What's Ahead for Health in 2008
Experts predict medical trends in the new year.
Plastic Surgery: Less Is More continued...
Overall, "men and women will be opting for less in terms of the result
and going with injectables because there is no downtime and no recovery
time," he says.
"The other thing that we will see is growth in products to use at
home," he says. "Eventually there may be an effective cream or
treatment that would match the injectables and fillers."
Still, plastic surgeons won't be going out of business anytime soon.
"There are still lots of things that the knife can do that needles and
creams can't," he says. For example, plastic surgeons will use 2008 as time
to work on refining the proper sequencing for body-contouring following weight loss surgery. When
people experience such dramatic weight loss, they are often left with loose,
and opt to undergo multiple body-contouring surgeries such as tummy tucks, arm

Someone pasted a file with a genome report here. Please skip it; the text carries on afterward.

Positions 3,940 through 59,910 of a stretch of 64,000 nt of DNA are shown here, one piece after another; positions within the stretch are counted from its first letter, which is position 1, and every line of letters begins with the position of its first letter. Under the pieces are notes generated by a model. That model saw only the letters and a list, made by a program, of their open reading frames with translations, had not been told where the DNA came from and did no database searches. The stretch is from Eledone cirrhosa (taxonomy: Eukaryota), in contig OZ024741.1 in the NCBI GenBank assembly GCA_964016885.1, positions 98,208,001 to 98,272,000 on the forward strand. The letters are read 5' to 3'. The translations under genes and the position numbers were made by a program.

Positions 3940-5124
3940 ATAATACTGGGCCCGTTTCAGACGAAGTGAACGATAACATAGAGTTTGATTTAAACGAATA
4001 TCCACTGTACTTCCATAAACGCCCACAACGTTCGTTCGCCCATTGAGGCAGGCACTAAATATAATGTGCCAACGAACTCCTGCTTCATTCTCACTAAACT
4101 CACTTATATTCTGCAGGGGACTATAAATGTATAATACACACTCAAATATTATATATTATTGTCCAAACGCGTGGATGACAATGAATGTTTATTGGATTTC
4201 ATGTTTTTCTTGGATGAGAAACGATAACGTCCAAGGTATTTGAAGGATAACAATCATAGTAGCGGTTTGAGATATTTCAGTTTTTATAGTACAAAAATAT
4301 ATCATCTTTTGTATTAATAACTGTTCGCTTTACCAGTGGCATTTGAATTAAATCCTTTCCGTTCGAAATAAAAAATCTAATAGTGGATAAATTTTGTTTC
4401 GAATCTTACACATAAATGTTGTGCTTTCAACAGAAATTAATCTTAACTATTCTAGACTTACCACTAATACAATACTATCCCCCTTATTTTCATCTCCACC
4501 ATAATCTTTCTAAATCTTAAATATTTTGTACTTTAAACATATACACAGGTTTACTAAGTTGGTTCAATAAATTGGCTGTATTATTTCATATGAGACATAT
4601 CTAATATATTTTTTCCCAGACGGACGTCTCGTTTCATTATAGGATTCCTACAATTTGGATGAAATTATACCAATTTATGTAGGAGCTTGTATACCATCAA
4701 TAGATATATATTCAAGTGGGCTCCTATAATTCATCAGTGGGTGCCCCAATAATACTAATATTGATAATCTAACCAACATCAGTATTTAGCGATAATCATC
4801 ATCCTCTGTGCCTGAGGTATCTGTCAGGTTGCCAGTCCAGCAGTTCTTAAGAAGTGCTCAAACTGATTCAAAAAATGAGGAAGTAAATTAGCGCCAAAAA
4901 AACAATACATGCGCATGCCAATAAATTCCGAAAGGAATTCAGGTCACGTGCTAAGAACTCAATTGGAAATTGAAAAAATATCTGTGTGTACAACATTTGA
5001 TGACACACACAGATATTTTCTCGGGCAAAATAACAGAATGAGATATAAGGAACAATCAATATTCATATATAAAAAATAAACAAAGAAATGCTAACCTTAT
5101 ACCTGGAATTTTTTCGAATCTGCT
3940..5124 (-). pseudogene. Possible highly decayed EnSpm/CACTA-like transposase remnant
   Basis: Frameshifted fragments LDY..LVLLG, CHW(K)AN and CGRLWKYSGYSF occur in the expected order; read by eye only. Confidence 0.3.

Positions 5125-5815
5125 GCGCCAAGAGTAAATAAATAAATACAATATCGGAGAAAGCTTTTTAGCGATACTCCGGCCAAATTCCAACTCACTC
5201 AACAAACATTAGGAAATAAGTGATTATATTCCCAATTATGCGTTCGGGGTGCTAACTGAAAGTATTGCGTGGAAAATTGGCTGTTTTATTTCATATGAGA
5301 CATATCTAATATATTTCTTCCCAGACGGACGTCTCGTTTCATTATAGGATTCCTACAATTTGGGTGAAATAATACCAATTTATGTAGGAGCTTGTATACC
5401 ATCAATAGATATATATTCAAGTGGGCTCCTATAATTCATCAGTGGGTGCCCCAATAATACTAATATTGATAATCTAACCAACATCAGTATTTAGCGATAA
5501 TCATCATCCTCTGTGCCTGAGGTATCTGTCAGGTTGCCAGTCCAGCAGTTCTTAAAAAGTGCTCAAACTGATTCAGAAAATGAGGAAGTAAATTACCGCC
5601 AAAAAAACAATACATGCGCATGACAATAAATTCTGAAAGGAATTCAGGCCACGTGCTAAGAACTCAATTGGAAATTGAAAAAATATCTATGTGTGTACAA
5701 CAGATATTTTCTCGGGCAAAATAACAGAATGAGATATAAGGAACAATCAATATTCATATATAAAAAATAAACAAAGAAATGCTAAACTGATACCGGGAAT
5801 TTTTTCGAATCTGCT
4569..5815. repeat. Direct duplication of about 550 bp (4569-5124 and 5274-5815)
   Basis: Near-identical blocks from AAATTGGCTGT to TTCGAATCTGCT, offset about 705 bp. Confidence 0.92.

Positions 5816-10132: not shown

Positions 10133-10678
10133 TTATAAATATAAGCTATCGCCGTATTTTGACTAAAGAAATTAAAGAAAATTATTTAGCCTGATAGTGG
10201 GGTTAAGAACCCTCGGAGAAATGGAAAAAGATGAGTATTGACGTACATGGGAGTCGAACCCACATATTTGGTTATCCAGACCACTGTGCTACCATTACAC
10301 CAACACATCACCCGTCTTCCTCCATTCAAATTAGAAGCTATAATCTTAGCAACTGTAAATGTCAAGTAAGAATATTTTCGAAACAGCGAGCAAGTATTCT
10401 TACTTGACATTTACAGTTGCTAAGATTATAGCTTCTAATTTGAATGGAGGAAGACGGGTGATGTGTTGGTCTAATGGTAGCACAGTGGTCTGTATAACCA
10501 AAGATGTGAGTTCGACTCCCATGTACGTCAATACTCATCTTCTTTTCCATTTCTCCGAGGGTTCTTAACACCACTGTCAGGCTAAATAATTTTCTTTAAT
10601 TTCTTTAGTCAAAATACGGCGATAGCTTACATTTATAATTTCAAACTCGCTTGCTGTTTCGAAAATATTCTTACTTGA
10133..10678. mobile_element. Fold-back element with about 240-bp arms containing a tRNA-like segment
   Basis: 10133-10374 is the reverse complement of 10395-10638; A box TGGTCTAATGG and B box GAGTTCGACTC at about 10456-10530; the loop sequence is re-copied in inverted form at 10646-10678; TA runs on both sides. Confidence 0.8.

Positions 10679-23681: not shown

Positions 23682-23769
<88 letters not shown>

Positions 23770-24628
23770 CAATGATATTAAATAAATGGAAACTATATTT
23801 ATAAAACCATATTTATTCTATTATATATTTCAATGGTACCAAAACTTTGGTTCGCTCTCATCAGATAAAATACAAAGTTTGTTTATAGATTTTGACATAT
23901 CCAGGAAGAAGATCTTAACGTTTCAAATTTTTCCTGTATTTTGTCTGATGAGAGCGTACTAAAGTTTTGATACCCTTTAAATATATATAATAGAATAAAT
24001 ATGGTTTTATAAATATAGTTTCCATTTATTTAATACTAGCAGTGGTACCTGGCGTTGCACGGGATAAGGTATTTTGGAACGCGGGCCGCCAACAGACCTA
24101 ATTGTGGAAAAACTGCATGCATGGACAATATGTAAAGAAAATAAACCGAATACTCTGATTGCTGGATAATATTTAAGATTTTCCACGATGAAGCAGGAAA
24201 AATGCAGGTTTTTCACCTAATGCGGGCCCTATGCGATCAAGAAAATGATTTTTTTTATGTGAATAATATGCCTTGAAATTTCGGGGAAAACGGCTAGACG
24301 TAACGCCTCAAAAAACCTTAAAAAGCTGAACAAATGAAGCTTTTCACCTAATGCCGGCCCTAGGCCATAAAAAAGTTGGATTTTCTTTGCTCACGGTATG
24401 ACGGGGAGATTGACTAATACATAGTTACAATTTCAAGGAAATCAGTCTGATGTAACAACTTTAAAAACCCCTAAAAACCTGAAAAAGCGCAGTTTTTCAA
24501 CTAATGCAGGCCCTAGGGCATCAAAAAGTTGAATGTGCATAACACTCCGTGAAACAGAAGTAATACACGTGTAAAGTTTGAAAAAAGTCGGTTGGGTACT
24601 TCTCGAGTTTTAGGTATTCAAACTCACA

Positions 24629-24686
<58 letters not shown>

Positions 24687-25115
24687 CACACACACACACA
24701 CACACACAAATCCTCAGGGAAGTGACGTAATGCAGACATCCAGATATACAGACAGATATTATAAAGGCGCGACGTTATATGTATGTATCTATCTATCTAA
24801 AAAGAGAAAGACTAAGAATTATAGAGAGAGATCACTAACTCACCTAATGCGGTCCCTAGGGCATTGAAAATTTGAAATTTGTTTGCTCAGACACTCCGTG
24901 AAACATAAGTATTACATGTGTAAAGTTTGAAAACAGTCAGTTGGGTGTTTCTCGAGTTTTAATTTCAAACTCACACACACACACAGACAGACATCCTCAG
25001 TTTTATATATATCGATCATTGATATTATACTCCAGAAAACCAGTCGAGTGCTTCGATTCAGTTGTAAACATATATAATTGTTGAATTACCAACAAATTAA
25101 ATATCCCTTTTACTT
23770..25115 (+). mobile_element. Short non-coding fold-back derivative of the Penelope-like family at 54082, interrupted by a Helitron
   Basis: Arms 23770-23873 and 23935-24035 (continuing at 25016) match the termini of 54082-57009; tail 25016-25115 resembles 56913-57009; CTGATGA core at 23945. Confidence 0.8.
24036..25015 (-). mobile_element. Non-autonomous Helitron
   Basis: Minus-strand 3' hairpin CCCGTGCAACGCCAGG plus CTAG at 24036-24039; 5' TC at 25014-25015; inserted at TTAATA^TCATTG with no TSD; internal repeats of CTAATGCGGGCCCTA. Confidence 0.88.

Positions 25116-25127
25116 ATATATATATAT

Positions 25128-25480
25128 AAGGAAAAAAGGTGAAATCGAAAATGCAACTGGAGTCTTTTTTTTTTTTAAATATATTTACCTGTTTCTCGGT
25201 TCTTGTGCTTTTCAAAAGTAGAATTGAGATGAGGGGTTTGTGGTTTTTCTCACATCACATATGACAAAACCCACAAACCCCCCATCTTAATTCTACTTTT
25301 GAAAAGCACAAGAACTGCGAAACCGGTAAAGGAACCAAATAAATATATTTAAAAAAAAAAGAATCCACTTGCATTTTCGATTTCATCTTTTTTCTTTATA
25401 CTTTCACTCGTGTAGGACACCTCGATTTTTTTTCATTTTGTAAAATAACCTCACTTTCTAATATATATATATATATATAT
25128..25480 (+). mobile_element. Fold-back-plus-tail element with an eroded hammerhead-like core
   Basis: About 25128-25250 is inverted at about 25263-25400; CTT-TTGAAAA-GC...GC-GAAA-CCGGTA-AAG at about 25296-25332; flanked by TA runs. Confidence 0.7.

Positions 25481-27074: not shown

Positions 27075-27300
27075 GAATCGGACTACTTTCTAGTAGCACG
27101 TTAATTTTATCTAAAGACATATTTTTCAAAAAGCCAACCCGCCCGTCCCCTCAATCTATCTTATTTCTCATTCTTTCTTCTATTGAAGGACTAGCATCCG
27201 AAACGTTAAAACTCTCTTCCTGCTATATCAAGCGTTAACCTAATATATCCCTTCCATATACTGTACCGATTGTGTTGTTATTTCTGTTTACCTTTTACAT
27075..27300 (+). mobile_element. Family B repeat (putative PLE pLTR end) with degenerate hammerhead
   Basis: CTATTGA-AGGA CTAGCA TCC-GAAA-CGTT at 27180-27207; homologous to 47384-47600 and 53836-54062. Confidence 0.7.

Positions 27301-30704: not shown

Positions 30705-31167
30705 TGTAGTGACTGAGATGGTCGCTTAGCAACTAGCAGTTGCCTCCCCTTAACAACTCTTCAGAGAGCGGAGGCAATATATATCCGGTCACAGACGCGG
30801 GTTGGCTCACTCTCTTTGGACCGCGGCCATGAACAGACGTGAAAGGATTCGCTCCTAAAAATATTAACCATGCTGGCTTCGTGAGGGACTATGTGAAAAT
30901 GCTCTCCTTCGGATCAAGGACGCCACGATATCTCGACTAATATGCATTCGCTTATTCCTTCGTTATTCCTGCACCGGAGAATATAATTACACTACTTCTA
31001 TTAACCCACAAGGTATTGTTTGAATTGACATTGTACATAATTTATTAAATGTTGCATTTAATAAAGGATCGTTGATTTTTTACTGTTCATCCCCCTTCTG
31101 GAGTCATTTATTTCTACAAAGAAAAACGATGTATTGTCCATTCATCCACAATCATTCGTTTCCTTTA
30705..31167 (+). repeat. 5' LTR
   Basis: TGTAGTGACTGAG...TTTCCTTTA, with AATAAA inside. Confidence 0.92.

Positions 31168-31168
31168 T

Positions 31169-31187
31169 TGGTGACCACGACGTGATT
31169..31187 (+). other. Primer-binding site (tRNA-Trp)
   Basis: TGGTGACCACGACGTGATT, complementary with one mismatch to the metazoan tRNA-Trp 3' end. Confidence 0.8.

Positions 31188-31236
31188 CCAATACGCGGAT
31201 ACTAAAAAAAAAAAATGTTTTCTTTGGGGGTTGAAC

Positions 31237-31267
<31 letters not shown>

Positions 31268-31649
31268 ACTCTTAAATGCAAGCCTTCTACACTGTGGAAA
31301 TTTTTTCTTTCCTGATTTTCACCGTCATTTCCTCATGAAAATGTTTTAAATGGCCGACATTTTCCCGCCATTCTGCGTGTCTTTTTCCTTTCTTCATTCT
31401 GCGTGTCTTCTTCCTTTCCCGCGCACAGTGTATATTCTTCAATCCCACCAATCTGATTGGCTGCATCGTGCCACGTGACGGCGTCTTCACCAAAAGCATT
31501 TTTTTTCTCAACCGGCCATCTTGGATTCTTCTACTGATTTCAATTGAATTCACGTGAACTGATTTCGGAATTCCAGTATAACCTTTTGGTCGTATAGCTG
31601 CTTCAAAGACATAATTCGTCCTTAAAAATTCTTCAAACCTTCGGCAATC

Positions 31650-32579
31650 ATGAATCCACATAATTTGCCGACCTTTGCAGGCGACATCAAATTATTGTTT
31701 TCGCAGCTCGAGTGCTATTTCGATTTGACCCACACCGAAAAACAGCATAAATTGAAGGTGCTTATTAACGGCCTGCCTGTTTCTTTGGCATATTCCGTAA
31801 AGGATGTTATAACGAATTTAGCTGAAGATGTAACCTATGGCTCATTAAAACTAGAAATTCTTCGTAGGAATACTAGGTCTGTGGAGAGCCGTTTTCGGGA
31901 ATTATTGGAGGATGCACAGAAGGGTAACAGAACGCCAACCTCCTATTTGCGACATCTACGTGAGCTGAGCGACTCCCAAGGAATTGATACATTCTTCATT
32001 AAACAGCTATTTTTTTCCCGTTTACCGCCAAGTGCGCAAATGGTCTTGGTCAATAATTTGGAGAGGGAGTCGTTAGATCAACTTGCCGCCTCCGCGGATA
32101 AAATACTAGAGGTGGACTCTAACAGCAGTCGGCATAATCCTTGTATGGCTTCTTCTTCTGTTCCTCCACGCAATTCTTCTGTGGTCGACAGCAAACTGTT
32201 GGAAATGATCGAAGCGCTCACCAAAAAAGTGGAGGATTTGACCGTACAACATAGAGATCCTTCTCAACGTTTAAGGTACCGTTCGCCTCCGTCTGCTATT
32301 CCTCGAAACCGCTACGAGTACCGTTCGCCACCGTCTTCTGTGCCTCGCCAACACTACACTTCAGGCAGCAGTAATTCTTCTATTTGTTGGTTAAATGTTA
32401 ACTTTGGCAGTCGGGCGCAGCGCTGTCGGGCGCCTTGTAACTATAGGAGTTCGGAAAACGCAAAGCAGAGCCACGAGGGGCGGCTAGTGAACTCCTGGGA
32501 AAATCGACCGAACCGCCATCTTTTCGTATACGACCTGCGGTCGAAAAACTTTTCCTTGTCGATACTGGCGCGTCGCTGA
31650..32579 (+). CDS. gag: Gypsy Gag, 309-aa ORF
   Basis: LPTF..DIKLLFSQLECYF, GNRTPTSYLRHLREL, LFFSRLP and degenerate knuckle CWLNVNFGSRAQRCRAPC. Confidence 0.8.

lifts, and/or breast lifts to tighten and tone. Plastic surgeons are now trying
to determine the best order to perform such surgeries.
And one more thing, he adds. Just because pop star Britney Spears reportedly
underwent lipodissolve, don't expect this fat-dissolving technology to become
all the rage in 2008.
"We just don't have large studies looking at how effective it is and how
safe it is," Nahai says. "We should wait until we have studies that
prove its safety and then it will rapidly become very popular." There may
be some short-term results on lipodissolve published in 2008.
Rheumatology: New Drug Alert
Leslie J. Crofford, MD, the Gloria W. Singletary Professor of Rheumatology
and the chief of rheumatology at the University of Kentucky in Lexington, has
her eye on the prize in 2008. "I hope we will see another new biologic
approved to treat rheumatoid arthritis (RA) in
2008," she tells WebMD. Specifically, she is referring to tocilizumab
(Actemra). This drug blocks an inflammatory chemical known as interleukin-6
(Il-6), and is in final stages of clinical trials.
Crofford says she is "really excited" about this drug for people who
may not respond to similar drugs. Biologic drugs block substances that cause or
worsen joint inflammation in RA. They copy the effects of chemicals made
by the immune system, which block inflammatory substances such as tumor
necrosis factor (TNF).